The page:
Let’s uncover some masterpieces, blow off the dust from those ole boxes and switch on the big light over there…
… ooh! What’s this? Behind a giant fan there’s a box marked “Burlesque“
So what is Burlesque?
There seem to be differing opinions around as to where the term burlesque comes from. However, they all seem to come back to a joke or mocking imitation. The word itself dates back to at least the 14th century and denotes a performance incorporating elements of the risque and sometimes the grotesque. Burlesque performers are usually women who often dress up as men as part of their act which has evolved to incorporate elements of the striptease. The great burlesque performers include Sally Rand who pioneered the fan dance and Gypsy Rose Lee, subject of the stage and film musical Gypsy.
Nowadays, burlesque has been re-popularised by performers such as Dita Von Teese and Immodesty Blaize who have brought it into the mainstream and caused the term to become prevalent in fashion and lifestyle. Sue Mochrie of Folksy shop Talulah Blue says “many pubs and clubs up and down the country put on “Burlesque Nights.” Dancers and a jazz band are hired and the public all turn up wearing vintage style clothing and hats, creating the ambiance of a speakeasy. The performers do their fan dance or comedy act, which usually ends with a flash of near nakedness and a twirl of their “pasties,” that’s nipple tassles!”
What does burlesque look like?
For Red Sarah of Red Ribbons, burlesque “can look like anything because it imitates life, but the generic media sense of the word is usually associated with glamour, victoriana, sparkle, feathers, vintage“. Hannah Ashmore of Dolly Bird Boutique describes it as “a treat for the eyes; you get to see beautiful glamorous girls or boys (boylesque) wearing weird and wonderful costumes performing elaborate and exotic moves often set to a soundtrack of vintage beats.” Victoria Hopkins aka Pink Burlesque says, “today the word burlesque conjures up images of fantastic little costumes of feathers, tassels and glitz, seduction with a sense of humour and an sense of sexual female freedom.”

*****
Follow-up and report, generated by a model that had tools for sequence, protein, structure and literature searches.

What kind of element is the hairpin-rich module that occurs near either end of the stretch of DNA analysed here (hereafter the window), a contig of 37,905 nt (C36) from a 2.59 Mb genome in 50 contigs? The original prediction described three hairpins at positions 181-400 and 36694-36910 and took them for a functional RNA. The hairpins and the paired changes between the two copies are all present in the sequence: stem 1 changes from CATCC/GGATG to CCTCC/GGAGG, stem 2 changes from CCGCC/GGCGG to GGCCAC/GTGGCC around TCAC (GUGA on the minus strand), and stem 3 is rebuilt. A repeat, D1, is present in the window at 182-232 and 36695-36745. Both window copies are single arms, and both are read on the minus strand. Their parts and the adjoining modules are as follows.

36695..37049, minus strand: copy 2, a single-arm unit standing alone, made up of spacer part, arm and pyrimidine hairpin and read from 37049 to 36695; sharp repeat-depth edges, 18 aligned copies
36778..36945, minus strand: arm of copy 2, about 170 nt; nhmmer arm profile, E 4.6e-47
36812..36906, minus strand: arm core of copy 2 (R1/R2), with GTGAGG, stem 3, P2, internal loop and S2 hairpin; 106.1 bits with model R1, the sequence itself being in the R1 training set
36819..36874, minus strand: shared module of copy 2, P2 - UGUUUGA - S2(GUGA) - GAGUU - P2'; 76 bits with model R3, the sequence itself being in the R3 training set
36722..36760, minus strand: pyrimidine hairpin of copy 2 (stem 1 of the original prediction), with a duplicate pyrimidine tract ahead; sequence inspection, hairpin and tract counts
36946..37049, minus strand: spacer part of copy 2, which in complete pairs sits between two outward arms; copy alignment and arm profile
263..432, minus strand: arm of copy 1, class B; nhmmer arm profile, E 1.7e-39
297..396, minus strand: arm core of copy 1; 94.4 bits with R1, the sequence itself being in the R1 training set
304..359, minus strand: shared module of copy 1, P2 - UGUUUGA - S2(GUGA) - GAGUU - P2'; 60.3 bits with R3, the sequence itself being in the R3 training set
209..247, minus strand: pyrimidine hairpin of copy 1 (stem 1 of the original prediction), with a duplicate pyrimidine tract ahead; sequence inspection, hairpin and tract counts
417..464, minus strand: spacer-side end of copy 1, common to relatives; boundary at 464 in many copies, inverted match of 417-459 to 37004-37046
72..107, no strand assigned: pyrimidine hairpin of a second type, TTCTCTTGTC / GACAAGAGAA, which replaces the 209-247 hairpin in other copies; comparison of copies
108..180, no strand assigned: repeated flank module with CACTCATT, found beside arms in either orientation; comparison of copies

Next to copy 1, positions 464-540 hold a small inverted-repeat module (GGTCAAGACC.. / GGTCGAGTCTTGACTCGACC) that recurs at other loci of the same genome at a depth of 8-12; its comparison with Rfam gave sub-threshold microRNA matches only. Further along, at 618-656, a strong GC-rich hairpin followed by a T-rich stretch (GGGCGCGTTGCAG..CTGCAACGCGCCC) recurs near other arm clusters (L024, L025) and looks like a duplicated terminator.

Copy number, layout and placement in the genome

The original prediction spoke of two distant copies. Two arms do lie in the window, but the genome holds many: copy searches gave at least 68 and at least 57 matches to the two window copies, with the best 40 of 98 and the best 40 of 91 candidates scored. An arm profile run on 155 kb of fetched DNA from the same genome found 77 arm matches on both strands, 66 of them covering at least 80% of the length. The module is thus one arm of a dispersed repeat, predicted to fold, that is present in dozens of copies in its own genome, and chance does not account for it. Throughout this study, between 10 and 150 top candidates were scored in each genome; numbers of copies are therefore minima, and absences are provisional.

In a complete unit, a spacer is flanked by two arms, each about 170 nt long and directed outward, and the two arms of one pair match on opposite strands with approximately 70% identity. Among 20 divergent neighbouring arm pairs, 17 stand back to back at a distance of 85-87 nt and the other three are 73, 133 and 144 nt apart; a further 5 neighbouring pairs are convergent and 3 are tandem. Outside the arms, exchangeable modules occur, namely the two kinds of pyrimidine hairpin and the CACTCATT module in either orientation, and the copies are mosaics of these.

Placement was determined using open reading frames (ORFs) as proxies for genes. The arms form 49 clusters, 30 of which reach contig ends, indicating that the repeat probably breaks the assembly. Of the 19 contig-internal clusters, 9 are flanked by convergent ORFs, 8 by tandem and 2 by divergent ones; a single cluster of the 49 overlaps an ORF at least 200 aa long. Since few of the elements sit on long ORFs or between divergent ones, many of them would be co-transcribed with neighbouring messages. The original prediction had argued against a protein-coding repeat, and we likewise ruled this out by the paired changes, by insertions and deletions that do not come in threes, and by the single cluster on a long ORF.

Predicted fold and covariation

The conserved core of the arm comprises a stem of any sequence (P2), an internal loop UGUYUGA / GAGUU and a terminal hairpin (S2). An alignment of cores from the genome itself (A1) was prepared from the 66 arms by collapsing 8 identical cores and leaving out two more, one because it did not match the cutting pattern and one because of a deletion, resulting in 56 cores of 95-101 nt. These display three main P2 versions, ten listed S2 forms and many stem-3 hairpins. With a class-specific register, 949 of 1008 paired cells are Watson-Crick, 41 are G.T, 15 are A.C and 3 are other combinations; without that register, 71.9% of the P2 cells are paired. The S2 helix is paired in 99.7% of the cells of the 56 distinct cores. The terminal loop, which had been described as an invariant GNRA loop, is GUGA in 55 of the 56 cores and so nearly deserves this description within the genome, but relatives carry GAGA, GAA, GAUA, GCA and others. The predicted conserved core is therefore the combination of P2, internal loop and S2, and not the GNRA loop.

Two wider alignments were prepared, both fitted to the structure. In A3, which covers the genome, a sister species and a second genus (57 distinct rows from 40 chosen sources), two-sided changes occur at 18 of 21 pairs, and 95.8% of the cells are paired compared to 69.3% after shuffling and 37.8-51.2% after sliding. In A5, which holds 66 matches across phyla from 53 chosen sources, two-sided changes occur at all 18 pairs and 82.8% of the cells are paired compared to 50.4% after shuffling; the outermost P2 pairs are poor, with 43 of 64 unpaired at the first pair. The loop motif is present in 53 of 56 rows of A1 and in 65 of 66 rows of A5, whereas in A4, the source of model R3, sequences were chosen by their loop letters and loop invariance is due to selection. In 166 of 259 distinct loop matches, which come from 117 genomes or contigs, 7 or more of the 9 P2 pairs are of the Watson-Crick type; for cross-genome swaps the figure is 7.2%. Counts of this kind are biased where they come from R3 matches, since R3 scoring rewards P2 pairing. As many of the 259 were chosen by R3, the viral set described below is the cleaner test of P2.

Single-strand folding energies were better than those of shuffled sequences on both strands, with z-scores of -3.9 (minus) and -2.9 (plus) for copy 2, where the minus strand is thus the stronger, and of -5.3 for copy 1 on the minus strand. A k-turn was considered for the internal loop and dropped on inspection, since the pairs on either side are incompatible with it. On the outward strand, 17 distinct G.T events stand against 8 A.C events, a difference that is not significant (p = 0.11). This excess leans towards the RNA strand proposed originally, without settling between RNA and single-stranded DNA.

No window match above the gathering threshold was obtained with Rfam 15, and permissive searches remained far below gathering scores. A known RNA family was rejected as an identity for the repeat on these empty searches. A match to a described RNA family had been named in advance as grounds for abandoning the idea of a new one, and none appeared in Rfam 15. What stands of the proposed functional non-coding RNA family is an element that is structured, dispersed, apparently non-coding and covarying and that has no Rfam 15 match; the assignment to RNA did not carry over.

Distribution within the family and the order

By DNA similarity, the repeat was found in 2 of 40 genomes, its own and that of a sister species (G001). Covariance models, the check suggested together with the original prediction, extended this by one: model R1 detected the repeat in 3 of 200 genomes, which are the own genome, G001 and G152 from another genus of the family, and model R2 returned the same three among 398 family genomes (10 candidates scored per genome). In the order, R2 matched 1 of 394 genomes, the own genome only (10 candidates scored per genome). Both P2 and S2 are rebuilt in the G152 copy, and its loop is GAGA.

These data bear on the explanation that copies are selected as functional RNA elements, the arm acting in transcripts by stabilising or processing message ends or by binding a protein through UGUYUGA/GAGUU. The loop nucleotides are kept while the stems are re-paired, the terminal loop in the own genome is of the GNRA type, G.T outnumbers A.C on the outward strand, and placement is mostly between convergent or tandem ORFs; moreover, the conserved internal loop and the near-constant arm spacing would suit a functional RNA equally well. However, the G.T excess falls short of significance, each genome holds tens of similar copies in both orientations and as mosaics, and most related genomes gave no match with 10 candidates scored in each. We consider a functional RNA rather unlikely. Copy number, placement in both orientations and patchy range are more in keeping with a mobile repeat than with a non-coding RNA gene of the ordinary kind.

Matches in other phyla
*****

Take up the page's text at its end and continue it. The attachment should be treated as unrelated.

Burlesque style is everywhere at the moment from stars like Scarlett Johansson, Lady GaGa and Katy Perry styling themselves with a distinct nod towards pin up style clothing and make up to the packaging of cosmetic brands such as Benefit and Soap and Glory and Dita Von Teese appearing on the packaging of Perrier water.
Red lipstick is essential to the burlesque look and Talulah Blue points out that “Bettie Page had the most famous burlesque image of modern times and many dancers and fashionistas today emulate her look, the hair style being a short rolled tilted fringe and long bob, with 1950s “the new look” big skirt with petticoat.”
Why has it become so popular?
Participation is a big element of burlesque performance, Sophie Cooke of Imogen’s Imagination says “I see people of all ages, sizes, budgets and looks making a supreme effort to make the best of what they have naturally and looking great for it…if you’re going to a night and don’t know what to wear the simple rule is anything goes as long as you make an effort.”
It’s great too to see that one does not have to be a size zero to be a burlesque performer. Many are curvy girls with no need or desire to conform to the modern airbrushed images of female perfection.
Dolly Bird Boutique believes that the increase in popularity “is in part due to the huge desire for all things vintage in the fashion world. There is a real love now for old school glitz and glamour” an opinion shared by Pink Burlesque who attributes the burlesque revival to “nostalgic for the spectacle and glamour it offers with its old world seductive charm.”
How can it be applied to crafting?
Folksy has many shops selling burlesque style wares in addition to boasting several sellers who themselves are burlesque performers. Red Sarah, award winning burlesque performer and owner of Folksy shop Red Ribbons says “every burlesquer loves to sparkle and are akin to magpies in their need for pretty things, costumes and props. They need them to be matching so often get them hand made or make them themselves.” Hannah Ashmore of Dolly Bird Boutique is also an award winning burlesque performer under the stage name Miss Dolly Bird, she too loves “creating new pieces of jewellery from recycled items” as a burlesque performer she owns “a lot of costumes and accessories and realised that a lot of the pieces she was creating were inspired by burlesque and the cute pin up aspect of it”.
Imogen’s Imagination believes that “burlesque and creativeness go hand in hand. We don’t all have uber budgets to have Mr Pearl design and make our corsets a la Dita…but if you can get a second hand corset on Ebay and are a bit handy with a needle and thread, you can whip yourself up something very special.”
So darlings, there you have it, for info on your nearest Burlesque Events, a good place to start would be The Ministry of Burlesque. Why not plan a night out and get to work on an amazing outfit!
About the Author of this post…
“Konnie Kapow sells handmade greetings cards and some knitted jewellery she makes when she finds the time and Mr Kapow! her enigmatic and secretive husband paints stuff too! Kapow! Whap!” Connie has a great sense of humour which combined with her talent in design, is what makes her greeting cards so popular! Pay a visit to Connie’s shop to see what she’s been making recently.Twitter :: Blog :: Facebook